Design School forces considerations outside of a student’s artistic comfort zone: a unique price, demographic, or geography for starters. Just don’t present a pragmatic design based in sociocultural fact: a conventional sedan for the Indian market–isolating the wealthy from their hired help and their untouchable luggage—was a fantastically stupid mistake. Cultural and profit-minded relevance aside, that’s the not-so-secret secret I’ve mentioned before in this series. Cars are made under a litany of profit-minded constraints, no matter what they may teach in design school.
And some thrive in their design constraints. (Read More…)
One interesting thing about living on-campus at CCS was the precious little available to purchase within walking distance. Such is the life of a car-less design student in Metro Detroit. That’s until a friend took me to a Meijer Hypermarket in the ‘burbs: a new world of “stuff” entered my cloistered world. Cheap but nice stuff, with an intrinsic value far higher than its retail price. (Read More…)
What’s the difference between car design and styling? My stint at CCS in Detroit makes me think styling is the shallow, frilly, cosmetic side of car design. Freshman designers are (were?) trained to focus on styling, but anyone integrating with marketing/accounting/engineering departments after school knows the real deal. They gotta know car design.
The folly of a sheltered life aside (don’t us delusional autobloggers know it?) the Honda N600’s heavily constrained blueprint came to life with nearly to zero style. (Read More…)
Car Design college was a wake-up call for this auto-obsessed kid: it festered with two-faced people. There are bastard-coated souls smiling to your face, stabbing you in the back during Portfolio Review. Or friends that pity you, being your crutch via white lies and false kindness. Bad news, especially for a Lincoln-Mercury fanboi saddened by how the MKZ became as two-faced as the industry that spawned it. (Read More…)
The Eyes On Design car show, held every Father’s Day on the grounds of the Eleanor and Edsel Ford estate in Grosse Pointe Shores, just north of Detroit, is a unique event. While many, perhaps most, of the cars on display there are of concours level quality, the show is not about perfection, authenticity or preparation. In fact it’s not actually called a show but rather an “automotive design exhibition”. Eyes On Design is run by the Detroit area automotive styling community so what judging is done and the awards that are given are based on design. The Father’s Day show is the major fundraiser for the organization, which holds a number of other events throughout the year (including design awards at the NAIAS aka Detroit auto show in January) to benefit the Detroit Institute of Ophthalmology, part of the Henry Ford Health System. That’s the hospital system that’s grown out of Henry Ford Hospital, founded by the automotive pioneer. Seventeen vehicle categories for this year’s exhibition, to be held on June 15th, have been announced to complement the overall theme of the event – “Automotive design’s influence on popular culture”. (Read More…)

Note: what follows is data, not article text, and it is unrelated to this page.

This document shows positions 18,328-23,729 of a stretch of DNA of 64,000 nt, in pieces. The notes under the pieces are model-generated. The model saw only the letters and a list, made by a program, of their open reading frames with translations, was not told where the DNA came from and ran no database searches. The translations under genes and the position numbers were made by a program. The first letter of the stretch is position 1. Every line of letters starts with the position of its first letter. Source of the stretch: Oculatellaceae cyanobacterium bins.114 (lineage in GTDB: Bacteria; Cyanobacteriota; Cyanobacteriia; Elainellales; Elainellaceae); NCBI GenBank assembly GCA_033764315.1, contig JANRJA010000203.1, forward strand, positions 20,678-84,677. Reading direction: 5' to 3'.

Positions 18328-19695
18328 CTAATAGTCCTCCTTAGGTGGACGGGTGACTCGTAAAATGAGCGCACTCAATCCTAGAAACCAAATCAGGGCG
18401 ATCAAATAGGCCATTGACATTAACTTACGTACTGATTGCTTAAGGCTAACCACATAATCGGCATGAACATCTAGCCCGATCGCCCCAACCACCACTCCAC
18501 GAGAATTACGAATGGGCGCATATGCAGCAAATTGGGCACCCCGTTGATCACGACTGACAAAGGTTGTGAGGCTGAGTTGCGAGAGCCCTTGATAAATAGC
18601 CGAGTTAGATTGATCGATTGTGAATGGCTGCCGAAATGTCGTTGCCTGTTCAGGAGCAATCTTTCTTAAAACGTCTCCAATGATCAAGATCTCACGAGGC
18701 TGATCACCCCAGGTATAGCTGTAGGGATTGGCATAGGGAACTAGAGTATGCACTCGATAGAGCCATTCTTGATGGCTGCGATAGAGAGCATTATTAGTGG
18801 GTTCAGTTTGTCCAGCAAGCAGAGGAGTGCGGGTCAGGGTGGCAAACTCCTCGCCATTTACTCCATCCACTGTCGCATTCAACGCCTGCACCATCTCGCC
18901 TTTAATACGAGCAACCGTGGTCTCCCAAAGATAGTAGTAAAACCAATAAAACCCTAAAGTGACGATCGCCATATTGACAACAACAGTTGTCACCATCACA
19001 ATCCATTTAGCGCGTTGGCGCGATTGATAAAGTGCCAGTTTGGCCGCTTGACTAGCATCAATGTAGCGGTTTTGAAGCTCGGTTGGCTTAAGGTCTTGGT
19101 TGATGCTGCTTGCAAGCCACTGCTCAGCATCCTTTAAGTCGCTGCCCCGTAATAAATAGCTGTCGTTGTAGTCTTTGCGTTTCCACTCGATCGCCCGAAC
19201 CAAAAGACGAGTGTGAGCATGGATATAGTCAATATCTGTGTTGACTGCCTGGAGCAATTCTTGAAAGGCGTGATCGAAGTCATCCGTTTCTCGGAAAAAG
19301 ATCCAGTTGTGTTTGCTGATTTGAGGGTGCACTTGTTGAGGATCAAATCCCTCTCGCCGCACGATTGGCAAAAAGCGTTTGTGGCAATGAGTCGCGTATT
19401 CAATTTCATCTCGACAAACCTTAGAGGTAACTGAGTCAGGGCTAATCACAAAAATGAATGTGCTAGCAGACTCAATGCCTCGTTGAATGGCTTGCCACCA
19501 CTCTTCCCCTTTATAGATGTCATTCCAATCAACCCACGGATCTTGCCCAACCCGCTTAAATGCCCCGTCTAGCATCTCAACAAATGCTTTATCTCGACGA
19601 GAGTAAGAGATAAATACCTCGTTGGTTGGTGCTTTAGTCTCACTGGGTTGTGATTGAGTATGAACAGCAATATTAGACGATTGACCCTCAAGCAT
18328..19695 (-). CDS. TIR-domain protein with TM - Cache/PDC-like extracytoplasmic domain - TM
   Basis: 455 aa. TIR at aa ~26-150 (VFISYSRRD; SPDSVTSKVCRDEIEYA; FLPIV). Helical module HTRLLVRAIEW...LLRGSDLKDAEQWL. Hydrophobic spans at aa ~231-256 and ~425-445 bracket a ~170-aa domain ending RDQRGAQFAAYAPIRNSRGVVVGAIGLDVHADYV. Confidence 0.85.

As expected, TTAC’s Best and Brightest called it: the 2015 Camry has Chernobyl-grade DLO FAIL.
Or maybe that’s heavily tinted glass? (Read More…)
The end of the year, the end of an era for a famous British Marque. Let’s get crackin’ before the ink on the vellum dries for the (all new) 2014 model. (Read More…)
@SajeevMehta Art history teacher talked about using vellum today. Nobody else knew what it was #bringbackvellumvenom (Read More…)
From the neon-drenched beaches of Miami and the hipster enclaves in New York, to the high-tech castles in San Francisco and the studio lots of Hollywood, the Ford Fusion is experiencing a coastal market surge in popularity.
My worst moment at the College for Creative Studies was during Portfolio Review: a presentation of one’s body of work since the beginning of the semester. So it comes as no surprise that my favorite parts of a LeMons race is judging the artistic(?) themes of the cheaty $500 race cars in attendance. Let’s combine the two for this quick vignette into an alternate world of automotive design: come up with a moderately creative theme, say or do something idiotic, make me laugh and perhaps I’ll forget about that fancy header…or those super cheaty shocks that supposedly “came with the car.”
Did you really think that car design ends in the studio? (Read More…)